You have been training for months. Every day, you listen to your running shoes rhythmically slap against the asphalt, intently focused on the dark blue line at the bottom of your swimming lane, and felt the burn in your quads as you pedaled up just one more hill. So why can’t you go even faster or further?
If this question has popped into your mind at some point along your training journey, don’t fret, you are not alone.
Training is much more than just logging extensive mileage. Of course, it is a major piece of the puzzle, but it is simply not enough to make you achieve your personal best time or enjoy the process. What’s worse, you could seriously injure yourself.
Embracing a holistic approach to training, including knowing your “why”, the benefits of proper nutrition, and the importance of rest days, will hurtle you across the physical or metaphorical finish line in a faster, healthier, and more satisfying way.
When you think about your fitness, first consider why it is important for you to exercise.
What is your “why”?
We are not talking about a surface-level “why,” such as “I want to lose weight” or “I want to run a marathon.” Those goals are fine, but why do you want to lose weight or run a marathon?
Don’t skip this step, as it may mean the difference between significant, long-lasting results and no results at all. Dig deep and be honest with yourself.
To help you figure it out, try using the “5 Whys” technique. For instance:
1. Why do you want to run a marathon?
Because I want to feel a sense of achievement.
2. Why do you want to feel a sense of achievement?
Because achieving this run makes me feel energized and confident.
3. Why is that important?
Because feeling energized and confident allows me to achieve my personal and professional goals.
4. Why is that important?
Reaching personal and professional goals will allow me to live a fulfilling life.
Because… because that’s why!
By the time you reach your fifth “why,” you will have a solid understanding of what you are training for.
Having a strong sense of why you are training and knowing the emotional reason behind your goals will give you a clear vision, determination, and the energy required to put in the work that is necessary to achieve your goals, especially on the days when you don’t feel like training.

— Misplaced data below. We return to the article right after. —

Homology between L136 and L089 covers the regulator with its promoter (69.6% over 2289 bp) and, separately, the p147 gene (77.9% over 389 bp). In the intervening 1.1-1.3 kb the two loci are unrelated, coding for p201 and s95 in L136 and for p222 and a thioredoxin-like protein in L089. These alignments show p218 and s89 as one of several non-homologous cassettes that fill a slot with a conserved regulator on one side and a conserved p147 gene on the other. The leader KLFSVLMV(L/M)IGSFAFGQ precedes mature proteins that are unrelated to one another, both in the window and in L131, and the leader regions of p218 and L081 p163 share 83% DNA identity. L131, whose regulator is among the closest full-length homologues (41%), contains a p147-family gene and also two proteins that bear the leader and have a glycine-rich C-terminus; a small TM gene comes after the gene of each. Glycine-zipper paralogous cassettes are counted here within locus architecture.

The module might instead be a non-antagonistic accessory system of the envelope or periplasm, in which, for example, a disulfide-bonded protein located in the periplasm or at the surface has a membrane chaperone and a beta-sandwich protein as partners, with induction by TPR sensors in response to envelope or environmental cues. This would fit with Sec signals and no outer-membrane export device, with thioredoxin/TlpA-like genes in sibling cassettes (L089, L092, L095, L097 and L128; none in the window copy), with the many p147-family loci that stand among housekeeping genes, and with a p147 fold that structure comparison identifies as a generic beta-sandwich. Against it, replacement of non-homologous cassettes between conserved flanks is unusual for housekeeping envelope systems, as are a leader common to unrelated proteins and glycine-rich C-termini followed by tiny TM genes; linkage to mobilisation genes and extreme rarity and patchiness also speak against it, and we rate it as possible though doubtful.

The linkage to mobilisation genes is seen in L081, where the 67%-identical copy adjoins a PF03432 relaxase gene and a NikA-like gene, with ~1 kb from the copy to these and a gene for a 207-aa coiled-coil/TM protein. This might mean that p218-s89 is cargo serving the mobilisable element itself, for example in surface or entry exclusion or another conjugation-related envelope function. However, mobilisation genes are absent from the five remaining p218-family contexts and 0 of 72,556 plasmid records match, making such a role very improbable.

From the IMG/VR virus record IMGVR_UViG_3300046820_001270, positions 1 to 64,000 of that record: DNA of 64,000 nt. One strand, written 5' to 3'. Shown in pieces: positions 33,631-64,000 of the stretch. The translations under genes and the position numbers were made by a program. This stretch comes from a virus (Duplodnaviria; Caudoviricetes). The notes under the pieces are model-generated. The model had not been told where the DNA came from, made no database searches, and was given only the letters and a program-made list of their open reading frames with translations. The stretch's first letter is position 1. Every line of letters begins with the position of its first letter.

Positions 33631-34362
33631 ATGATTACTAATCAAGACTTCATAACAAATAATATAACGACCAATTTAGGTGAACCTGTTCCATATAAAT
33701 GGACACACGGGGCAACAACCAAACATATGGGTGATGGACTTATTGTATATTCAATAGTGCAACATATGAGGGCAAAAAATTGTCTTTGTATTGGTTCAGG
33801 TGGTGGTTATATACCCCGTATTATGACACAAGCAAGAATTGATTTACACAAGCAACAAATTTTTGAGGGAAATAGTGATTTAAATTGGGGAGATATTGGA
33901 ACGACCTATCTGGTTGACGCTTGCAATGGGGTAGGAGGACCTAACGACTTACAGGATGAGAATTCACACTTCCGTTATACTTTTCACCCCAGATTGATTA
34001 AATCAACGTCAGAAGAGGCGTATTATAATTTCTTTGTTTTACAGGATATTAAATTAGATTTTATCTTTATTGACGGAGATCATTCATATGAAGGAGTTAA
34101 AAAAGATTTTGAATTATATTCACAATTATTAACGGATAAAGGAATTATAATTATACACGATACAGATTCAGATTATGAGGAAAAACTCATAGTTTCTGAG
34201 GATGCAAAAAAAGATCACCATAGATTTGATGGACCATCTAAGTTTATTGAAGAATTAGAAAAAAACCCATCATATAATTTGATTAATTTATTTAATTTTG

Your underlying motivators will kick in and get you out of bed and out the door to live your best life and achieve your wildest dreams.
Another vital component of training is nutrition. You need to focus on hydrating and fueling your body with the aim of improving athletic performance. You can run longer, lift more, swim further, or do whatever sport you want with the right nutrition.
Whether you are a competing athlete, a weekend sports player, or a dedicated daily exerciser, the foundation to improved performance and a faster recovery is a nutritionally adequate diet.
A basic training diet should:
Include a wide variety of foods like wholegrain breads and cereals, vegetables (particularly leafy green varieties), fruit, lean meat, and low-fat dairy products.
Provide adequate fluids to ensure maximum hydration before, during, and after exercise.
Broadly speaking, your energy intake should be divided into:
45 to 65% from carbohydrates
15 to 25% from protein
20 to 35% from fat
If you exercise strenuously for over 60 to 90 minutes every day, you may need to increase the amount of energy you consume, particularly from carbohydrate sources.
You may also need to consider your caloric needs, macronutrient amounts and ratios, meal and snack timings, vitamins and minerals for recovery and performance, and hydration. Tailoring these considerations to your body weight and composition, the amount of time spent training, and the type of sport you do can dramatically improve your performance.
Last, but certainly not least, comes rest.
When you are in the training zone and really loving your workouts, it is tempting to skip rest days. We get it, you are noticing great progress, your energy levels are buzzing, and every session leaves you grinning. Working out more can only be a good thing, right?
Not necessarily. Exercise, like most things in life, is all about balance. While it is great you want to push yourself harder, time out is as vital as working out.
Rest days allow your body and your mind time to recover between workouts. They stop you from burning out, injuring yourself, and losing your mojo, and ensure you are ready and able to give your next session everything you’ve got. They also give your body time to adapt to your training and grow stronger and fitter.
In short, if you want to enjoy sustained progress, you're going to have to put your feet up occasionally. But how many rest days should you take?
The amount of rest days each person needs varies. It can depend on a variety of factors including the duration of your workouts, your current fitness level, goals, age, and genetics.
Rest days don't have to be spent vegging out watching Netflix, though. Active recovery – which means very gentle, low-impact exercise – can work in your favor, too. Taking a walk, playing with your dog in the park, stretching, and self-massage with a tool like a foam roller all work.
Ultimately, rest days help you get stronger, avoid injuries, make fitness progress, train even harder, and build long-term good habits.
Overall, if you embrace a holistic approach to your training program, you will benefit from improved physical and mental health and are guaranteed to achieve your fitness goals.